CIP Proposal - Three Letter Asset Names


#1

This thread is about a potential CIP that would allow for 3 letter asset names.

I have some code that I think covers most of it here, for review and feedback:

Result:

  • 3 letter asset names become valid.
  • 3 letter asset names require 10 XCP to issue.

Todos:

  • Testnet tx fixture for parsing.

#2

The open question I have, for more experienced devs, is whether this kind of change requires a block index check and where would that go?


#3

Are you concerned that allowing 3-letter asset names could add additional confusion to the platform? (ie, users can register existing symbols like ETH, BCH, LTC, XMR, etc, and then use them to try and confuse/scam users)

Curious what value you believe adding 3-letter asset names will add to the platform?


#4

No, I’m not concerned about that. My concern is largely the technical implementation and whether I’ve done it correctly. Mainly, I just think LLL assets would get used.


#5

I was able to get a development node to issue and accept LLL asset names as valid.

counterparty-testnet_1 | [2017-10-31 06:15:29][INFO] Issuance: mqXzgKGxFWQGQQh jDthK7ou9KkDms7ecK4 created 3 of indivisible asset LLL (85a396b8b8537d49f3238659 a66bd734f0b27dff79d1df7ba20a7693637c91bb) [valid]

It seems implementing this in counterparty-lib is mainly a matter of lowering the minimum name length from 4 to 3 and lowering the minimum id length from 26^3 to 26^2, when validating.

For counterwallet UI, it’s a simple update of regex and help text. Leaving the fee as 0.5 XCP would further reduce complexity. I have it at 10 XCP right now, in my code, but I am re-thinking that.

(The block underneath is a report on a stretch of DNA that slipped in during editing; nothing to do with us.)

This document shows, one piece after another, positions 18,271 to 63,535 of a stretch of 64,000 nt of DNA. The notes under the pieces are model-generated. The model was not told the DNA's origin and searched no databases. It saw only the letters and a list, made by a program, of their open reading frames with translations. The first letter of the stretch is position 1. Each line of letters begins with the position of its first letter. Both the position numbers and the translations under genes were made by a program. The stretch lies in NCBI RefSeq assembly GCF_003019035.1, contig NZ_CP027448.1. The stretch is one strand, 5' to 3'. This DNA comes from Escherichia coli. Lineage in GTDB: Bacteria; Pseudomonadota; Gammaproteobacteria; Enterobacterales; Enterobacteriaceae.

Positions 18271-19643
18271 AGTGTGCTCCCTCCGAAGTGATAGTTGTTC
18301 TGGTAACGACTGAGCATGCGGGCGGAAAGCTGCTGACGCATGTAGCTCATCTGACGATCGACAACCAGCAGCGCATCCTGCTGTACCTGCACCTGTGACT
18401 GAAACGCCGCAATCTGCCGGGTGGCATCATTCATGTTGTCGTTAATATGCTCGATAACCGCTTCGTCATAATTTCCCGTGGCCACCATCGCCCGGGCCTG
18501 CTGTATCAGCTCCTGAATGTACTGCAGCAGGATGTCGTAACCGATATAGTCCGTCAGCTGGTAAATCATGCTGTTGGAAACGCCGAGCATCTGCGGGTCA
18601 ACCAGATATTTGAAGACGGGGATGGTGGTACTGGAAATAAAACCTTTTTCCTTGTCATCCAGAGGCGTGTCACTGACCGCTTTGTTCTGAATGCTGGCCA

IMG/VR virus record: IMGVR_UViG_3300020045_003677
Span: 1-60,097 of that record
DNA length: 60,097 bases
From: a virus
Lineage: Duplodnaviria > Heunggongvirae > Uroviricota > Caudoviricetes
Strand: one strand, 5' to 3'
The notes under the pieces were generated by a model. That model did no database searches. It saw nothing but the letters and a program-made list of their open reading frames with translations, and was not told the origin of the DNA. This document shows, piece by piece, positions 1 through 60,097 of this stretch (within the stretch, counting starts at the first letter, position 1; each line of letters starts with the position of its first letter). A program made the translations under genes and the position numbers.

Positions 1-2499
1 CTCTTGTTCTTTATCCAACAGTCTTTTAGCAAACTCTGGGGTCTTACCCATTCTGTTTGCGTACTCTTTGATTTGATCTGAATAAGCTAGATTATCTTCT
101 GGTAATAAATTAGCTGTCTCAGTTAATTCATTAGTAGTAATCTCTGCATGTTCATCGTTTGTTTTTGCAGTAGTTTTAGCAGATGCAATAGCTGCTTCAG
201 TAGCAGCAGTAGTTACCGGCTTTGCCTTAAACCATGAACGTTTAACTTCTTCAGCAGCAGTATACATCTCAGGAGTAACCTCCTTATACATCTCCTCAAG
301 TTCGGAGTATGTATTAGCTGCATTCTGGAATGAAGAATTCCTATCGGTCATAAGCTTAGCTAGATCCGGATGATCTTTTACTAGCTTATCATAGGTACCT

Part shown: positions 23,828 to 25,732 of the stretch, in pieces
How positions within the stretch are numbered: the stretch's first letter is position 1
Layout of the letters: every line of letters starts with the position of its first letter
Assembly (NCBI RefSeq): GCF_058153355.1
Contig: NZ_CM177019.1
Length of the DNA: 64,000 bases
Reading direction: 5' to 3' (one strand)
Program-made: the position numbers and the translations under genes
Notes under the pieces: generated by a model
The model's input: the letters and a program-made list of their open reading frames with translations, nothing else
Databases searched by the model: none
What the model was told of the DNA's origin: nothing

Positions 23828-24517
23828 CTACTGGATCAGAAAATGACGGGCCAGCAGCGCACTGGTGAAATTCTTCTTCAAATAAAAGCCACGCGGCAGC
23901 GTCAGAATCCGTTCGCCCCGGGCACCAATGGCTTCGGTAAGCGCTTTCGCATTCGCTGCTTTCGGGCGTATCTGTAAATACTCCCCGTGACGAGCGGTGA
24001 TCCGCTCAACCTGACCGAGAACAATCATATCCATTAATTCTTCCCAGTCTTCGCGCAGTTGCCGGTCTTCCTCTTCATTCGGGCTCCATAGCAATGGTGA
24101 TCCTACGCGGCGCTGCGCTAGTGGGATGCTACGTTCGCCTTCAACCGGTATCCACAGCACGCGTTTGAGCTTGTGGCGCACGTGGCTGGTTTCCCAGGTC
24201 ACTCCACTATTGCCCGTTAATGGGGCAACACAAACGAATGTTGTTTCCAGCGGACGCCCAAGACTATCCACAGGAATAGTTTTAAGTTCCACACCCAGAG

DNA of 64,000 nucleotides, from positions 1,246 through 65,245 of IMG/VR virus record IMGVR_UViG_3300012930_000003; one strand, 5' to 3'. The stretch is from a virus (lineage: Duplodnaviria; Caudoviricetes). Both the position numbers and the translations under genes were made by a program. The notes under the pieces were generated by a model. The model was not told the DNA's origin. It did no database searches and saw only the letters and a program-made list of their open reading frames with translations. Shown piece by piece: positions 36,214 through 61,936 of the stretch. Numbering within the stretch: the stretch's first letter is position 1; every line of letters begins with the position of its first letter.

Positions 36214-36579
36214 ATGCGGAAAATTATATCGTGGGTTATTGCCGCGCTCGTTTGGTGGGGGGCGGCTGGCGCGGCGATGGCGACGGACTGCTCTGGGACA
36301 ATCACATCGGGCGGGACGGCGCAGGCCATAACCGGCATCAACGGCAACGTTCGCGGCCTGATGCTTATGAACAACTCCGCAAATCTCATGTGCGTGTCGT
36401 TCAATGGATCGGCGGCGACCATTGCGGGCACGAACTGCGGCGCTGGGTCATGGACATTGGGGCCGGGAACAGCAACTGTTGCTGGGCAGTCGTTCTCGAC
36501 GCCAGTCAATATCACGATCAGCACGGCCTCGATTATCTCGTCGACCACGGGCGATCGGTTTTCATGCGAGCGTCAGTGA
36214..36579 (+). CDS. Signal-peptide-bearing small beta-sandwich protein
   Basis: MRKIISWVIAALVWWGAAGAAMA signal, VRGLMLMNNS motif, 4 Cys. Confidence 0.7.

#6

I suggested 10 XCP, but I’ve been thinking about it and 0.5 XCP seems just as reasonable. You could registered GOLD, for example, for 0.5 XCP. I registered a lot of names that I think are premium for 0.5 XCP.

I suggested 10 XCP mostly because 25 * 26 * 26 * 0.5 = 8450 XCP doesn’t seem like a lot of XCP whereas 25 * 26 * 26 * 10 = 169000 XCP does. And it might deter one person from owning them all.

And I kind of like the idea of, later on, two letters being 100 XCP and one letter being 1000 XCP. I think it could improve the speculation network effect that helps bootstrap development and interest.

But again, it might just be an unnecessary complication. The idea itself is a simple change to allow 3 letter asset names. Which is the most popular format for crypto tickers and Counterparty does not support them.


#7

I believe this is the right step for Counterparty in the long-run. Diversification via different assets is something we haven’t dug into yet. I think having several different premium assets is something that can distinguish XCP a lot from it’s competitors and could open up specific use-cases in the future.

Three-letter assets is a great start, I think 10 XCP is a good starting point as well, but even 25 XCP would be ok in my opinion.

In regards of what this can offer to the platform: I think the use-case is being popular amongst traders to be able to distinguish yourself with 3 letter asset-names. I would much rather have a ticker named ABC than ABCISGREAT. It will be important in the future to stand out from less valuable tokens on the platform, simply because of transparency and integrity, and when an asset that is more rare costs more, it naturally carries a larger trustworthiness with it, as it’s more expensive to create.


CIP Proposal - Decentralized Asset Sales
#8